PUBLIC CHOICE TRUMPS IDEOLOGY, EVERY TIME. There's a common theme in many a post-mortem by the losing side in Tuesday's election. Mark Tapscott states it most bluntly:
When Republicans worry more about staying in government than about limiting government, they get thrown out of government. That's the lesson of Nov. 7, 2006.
Here's Betsy Newmark, back from the CNN wine-tasting party in Washington.
But the Republicans were arrogant in the way that they seemed to jump into the pork barrel with both feet and proudly proclaim their mastery of the procedures to bring home the bacon. They boasted about their connections on K Street. I ahve a video on interest groups that I show my class that Hedrick Smith had made in the mid 1990s about how the Washington power game works. And on that video, he's got Tom DeLay and John Boehner boasting on their deals with lobbyists to push through bills to benefit their contributors. That's arrogance: first to make those deals and then brag to a reporter on camera about doing it.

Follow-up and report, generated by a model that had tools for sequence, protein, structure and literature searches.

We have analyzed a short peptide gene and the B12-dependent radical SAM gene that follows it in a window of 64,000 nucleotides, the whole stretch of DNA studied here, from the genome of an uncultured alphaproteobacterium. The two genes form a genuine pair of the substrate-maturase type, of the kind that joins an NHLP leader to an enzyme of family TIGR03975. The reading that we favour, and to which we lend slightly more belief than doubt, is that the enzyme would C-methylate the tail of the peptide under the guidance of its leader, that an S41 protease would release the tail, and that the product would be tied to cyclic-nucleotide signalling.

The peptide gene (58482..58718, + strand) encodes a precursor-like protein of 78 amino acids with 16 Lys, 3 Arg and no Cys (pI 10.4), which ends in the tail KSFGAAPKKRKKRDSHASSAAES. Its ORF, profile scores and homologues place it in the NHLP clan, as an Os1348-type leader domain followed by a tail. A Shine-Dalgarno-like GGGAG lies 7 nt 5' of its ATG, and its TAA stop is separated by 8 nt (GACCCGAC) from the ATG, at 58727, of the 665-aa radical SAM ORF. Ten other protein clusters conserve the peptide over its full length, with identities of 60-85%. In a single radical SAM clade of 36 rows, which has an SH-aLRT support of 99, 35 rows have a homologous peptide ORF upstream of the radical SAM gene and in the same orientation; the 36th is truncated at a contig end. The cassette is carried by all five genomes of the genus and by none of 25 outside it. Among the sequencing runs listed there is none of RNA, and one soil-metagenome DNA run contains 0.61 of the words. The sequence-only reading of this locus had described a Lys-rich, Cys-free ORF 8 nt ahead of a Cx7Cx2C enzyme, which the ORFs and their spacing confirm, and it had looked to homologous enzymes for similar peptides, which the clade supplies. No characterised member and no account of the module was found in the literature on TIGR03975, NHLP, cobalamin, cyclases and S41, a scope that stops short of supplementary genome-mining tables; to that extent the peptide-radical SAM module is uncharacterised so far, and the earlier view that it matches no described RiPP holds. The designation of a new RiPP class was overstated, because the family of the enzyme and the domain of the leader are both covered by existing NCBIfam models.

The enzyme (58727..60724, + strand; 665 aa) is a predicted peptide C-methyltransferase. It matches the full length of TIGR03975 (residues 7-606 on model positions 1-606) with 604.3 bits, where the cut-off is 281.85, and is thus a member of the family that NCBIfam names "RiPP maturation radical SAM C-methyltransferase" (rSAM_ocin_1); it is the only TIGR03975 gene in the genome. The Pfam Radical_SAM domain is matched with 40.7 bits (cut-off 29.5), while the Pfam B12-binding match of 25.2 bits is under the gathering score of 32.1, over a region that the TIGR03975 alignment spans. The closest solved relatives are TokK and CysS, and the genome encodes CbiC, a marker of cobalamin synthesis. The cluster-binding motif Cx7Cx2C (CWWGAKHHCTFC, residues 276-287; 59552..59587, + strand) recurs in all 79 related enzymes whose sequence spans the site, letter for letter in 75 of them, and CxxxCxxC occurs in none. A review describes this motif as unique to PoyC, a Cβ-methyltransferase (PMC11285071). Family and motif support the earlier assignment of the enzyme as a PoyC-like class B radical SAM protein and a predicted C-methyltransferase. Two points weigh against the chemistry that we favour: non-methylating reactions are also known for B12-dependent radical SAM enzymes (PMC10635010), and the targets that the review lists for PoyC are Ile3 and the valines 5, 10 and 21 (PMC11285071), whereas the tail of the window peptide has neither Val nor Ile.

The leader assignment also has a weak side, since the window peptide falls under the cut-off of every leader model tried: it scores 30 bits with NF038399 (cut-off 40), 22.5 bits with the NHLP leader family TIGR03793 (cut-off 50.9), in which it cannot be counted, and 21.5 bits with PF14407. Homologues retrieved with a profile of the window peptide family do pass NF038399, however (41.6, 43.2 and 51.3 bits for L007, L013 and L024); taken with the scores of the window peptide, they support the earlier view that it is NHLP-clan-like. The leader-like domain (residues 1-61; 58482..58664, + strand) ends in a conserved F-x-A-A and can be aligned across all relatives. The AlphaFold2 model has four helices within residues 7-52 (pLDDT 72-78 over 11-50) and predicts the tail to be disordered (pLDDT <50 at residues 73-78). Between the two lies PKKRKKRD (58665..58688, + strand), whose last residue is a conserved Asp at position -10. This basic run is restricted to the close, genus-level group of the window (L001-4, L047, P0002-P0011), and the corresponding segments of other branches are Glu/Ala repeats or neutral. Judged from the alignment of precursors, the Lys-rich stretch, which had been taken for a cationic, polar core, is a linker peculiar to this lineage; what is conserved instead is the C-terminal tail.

Here's an anonymous post at The Economist's new weblog (note to traffic department: update link list.)
Libertarians are a generally Republican-leaning constituency, but over the last few years, their discontent has grown plain. It isn't just the war, which some libertarians supported, but the corruption and insider dealing, and particularly the massive expansion of spending. Mr Bush's much-vaunted prescription drug benefit for seniors, they fume, has opened up another gaping hole in America's fiscal situation, while the only issue that really seemed to energise congress was passing special laws to keep a brain-damaged woman on life support.
Presumptive Speaker Pelosi promised raised ethical standards in the House. If memory serves, the Pachs ran against the insider culture of a Democratic axis on K Street in 1994. The Democrats had forty years to practice advance auctions of stolen goods prior to 1994, and the temptation to do the same is still present.

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